The Canucks officially open training camp on Thursday, September 12th at Rogers Arena.
While Vancouver’s 2019-20 roster is starting to take shape, there are still three burning questions that remain heading into training camp.
When will Brock Boeser sign?
Training camp is just a day away and top RFA forward Brock Boeser is still without a contract. According to Rick Dhaliwal of Sportsnet 650, the Canucks and Boeser are not close to a deal. Sportsnet’s Dan Murphy reports that the two side have had discussions as late as Tuesday evening, but no deal is imminent. It definitely sounds like the two side are engaging in meaningful dialogue, but it certainly isn’t ideal that they are not close on a deal.
The #Canucks cap issues are causing problems, the Boeser camp knows they can not get long term deal, they are willing to do a short term deal (even 1-2 years) but the gap remains even on that. Things can change quick but it does not look good right now.
— Rick Dhaliwal (@DhaliwalSports) September 10, 2019
Mitch Marner of the Toronto Maple Leafs, Matthew Tkachuk of the Calgary Flames and Winnipeg’s Patrik Laine are among other high-profile RFA’s who are yet to sign. It was believed the Canucks would have the cap space for Boeser when they acquired J.T. Miller ($5.25 million cap hit) from the Lightning at the draft and signed UFA blueliner Tyler Myers to a five-year deal ($6M AAV) and UFA forward Michael Ferland to a four-year deal ($3.5M AAV) in free agency. The Canucks were then hit with Roberto Luongo’s cap recapture bill ($3M for next three years) when the veteran netminder retired.
Boeser is very likely to remain a Canuck, but it might take longer than we expected to get him signed. It was reported in late-August that Boeser’s agent Ben Hankinson was seeking a four-year extension at $7 million annually for his client. A bridge deal seems very likely at this point.
Where will Loui Eriksson end up?
Loui Eriksson remains on the Canucks roster entering training camp. The veteran was the subject of trade rumours this offseason, but the Canucks are in tough trying to unload his $6M cap hit without retaining salary. With the Canucks re-signing RFA forward Nikolay Goldobin, it’s even a bigger logjam up front. Despite Eriksson’s 921 games of NHL experience and expensive cap hit, he may end up starting the season in AHL Utica.
"When you send a guy to the minors making millions it's a big F you. The Canucks have to do what they have to do. If you send him to Utica, you're hoping he quits and heads to Sweden.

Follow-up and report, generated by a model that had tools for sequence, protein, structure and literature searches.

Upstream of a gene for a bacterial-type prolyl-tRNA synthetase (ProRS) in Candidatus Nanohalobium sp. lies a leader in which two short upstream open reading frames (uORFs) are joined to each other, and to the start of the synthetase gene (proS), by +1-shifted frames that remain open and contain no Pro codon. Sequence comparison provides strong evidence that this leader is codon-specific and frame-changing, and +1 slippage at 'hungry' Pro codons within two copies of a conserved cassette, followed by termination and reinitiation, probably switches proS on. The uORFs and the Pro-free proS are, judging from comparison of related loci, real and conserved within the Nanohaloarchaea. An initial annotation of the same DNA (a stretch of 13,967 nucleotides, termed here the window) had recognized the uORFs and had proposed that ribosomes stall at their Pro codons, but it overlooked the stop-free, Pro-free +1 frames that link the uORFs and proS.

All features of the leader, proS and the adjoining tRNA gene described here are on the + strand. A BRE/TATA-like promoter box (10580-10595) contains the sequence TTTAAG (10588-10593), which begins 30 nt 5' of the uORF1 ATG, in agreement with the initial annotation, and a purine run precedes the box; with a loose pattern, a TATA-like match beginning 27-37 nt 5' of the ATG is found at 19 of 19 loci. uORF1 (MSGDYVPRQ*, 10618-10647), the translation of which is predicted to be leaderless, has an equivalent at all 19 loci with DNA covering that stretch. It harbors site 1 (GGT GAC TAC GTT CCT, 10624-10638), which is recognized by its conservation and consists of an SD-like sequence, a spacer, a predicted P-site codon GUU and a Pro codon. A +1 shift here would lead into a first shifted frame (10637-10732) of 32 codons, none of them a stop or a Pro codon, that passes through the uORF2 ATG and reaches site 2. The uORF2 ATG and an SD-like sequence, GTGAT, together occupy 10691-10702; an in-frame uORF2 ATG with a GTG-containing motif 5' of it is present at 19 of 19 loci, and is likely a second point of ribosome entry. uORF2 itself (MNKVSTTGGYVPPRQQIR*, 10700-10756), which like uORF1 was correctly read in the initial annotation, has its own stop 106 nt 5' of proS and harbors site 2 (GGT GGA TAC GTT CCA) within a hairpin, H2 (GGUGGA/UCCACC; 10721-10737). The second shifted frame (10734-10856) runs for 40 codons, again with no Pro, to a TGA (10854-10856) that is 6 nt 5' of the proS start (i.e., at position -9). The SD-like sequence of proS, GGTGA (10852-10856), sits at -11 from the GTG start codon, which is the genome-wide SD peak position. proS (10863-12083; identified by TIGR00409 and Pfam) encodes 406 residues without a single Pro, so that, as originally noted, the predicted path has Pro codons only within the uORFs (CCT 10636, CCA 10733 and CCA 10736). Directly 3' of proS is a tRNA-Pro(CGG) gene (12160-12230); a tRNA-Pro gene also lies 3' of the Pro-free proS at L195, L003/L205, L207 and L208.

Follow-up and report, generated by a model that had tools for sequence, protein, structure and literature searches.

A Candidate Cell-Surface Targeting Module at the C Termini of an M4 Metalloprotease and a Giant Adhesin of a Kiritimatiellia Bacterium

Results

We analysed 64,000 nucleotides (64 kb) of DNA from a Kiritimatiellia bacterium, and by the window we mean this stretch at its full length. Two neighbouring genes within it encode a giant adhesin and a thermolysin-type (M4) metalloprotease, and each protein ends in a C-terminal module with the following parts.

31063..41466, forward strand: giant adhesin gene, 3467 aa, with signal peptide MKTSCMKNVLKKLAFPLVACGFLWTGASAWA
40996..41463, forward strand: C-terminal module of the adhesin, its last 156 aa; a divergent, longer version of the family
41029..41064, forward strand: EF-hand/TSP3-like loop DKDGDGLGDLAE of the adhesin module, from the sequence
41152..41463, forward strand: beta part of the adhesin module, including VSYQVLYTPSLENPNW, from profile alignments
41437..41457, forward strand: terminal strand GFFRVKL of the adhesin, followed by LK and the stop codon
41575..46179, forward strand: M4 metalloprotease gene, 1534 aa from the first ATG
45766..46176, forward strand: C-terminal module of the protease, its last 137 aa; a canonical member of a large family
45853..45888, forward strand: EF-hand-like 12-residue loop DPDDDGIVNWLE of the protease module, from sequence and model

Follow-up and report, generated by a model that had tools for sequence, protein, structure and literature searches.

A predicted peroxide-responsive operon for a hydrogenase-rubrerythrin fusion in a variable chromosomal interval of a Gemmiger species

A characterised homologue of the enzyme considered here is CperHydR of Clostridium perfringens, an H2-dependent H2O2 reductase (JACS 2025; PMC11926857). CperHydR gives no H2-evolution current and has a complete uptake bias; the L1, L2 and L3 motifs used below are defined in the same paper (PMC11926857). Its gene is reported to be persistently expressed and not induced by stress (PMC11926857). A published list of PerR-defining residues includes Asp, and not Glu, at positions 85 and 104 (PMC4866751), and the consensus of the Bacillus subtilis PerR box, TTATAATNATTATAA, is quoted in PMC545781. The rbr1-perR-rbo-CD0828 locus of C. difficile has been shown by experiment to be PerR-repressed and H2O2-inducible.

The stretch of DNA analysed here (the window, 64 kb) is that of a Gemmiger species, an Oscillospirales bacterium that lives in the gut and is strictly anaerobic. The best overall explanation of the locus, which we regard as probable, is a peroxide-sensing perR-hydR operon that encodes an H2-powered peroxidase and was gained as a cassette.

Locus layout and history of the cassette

Hirschy on Loui Eriksson
— Sportsnet 650 (@Sportsnet650) September 3, 2019
The league has rules in place that prevent a team from burying a contract in the minors, so this wouldn’t necessarily be a move to free up cap space. The demotion would occur if the team felt their best possible roster for the season didn’t include Eriksson. Placing Eriksson on waivers would still result in around a $4.9M cap hit against the Canucks and Eriksson would still collect his $6M. GM Jim Benning has said that he sees value with Eriksson on the penalty kill and in a matchup role, but is he better than the other options? There are a plethora of players in the bottom-six, so a forward such as Tim Schaller or Tyler Motte could be placed on waivers to free up cap space. Even if Eriksson makes the team out of camp, he’s looking at potentially being carried as an extra forward. Adam Gaudette may start in Utica due to the logjam and because he doesn’t require waivers.
Where do the new guys slot in?
Speaking of roster spots, it remains unclear where newcomers J.T.Miller, Tyler Myers, Michael Ferland and Jordie Benn will fit in on the 2019-20 Canucks roster. Unlike Eriksson, however, we know all four players will be in the lineup when the Canucks open the season in Calgary on October 5th. J.T. Miller and Michael Ferland are both expected to slot into the top-six, while Myers is expected to land on the second or third defensive pairing. Jordie Benn is projected to provide steady defensive play and a physical presence on the third pairing.
Chris Faber wrote a good piece explaining why Miller should be on the top line with Boeser and Elias Pettersson. Goldobin has also expressed his desire to play with Pettersson and he may also be a fit on that top line. Miller has hit 20 goals in three of his last four seasons and should get a long look in the top-six. He’s in line to see his 14:40 average ice time from his final year with the Lightning increase in Vancouver. He’s also expected to get a look on a projected first power-play unit that also includes Boeser, Pettersson, Bo Horvat and Quinn Hughes. It’s also possible Miller gets bumped down to the third-line center role, which means Ferland could land on the top line.
It will be interesting to see if the Canucks deploy new defenseman Myers on the power play. The 6’8″ rearguard wasn’t deployed much with the man advantage last season (1:09 on average), but has been a staple on the first power-play unit throughout his career. He racked up 17 power-play points while averaging 2:04 of man advantage time in 2017-18 with the Jets. If Myers were to play the right side on the second unit, that would likely mean minimal power-play time for Troy Stecher. Ferland should also get a look on the second unit after potting six power-play tallies for Carolina last season.
There are plenty of possible combinations this season, and it’ll be interesting to see who lands where. A healthy Sven Baertschi and Brandon Sutter makes this training camp one to watch.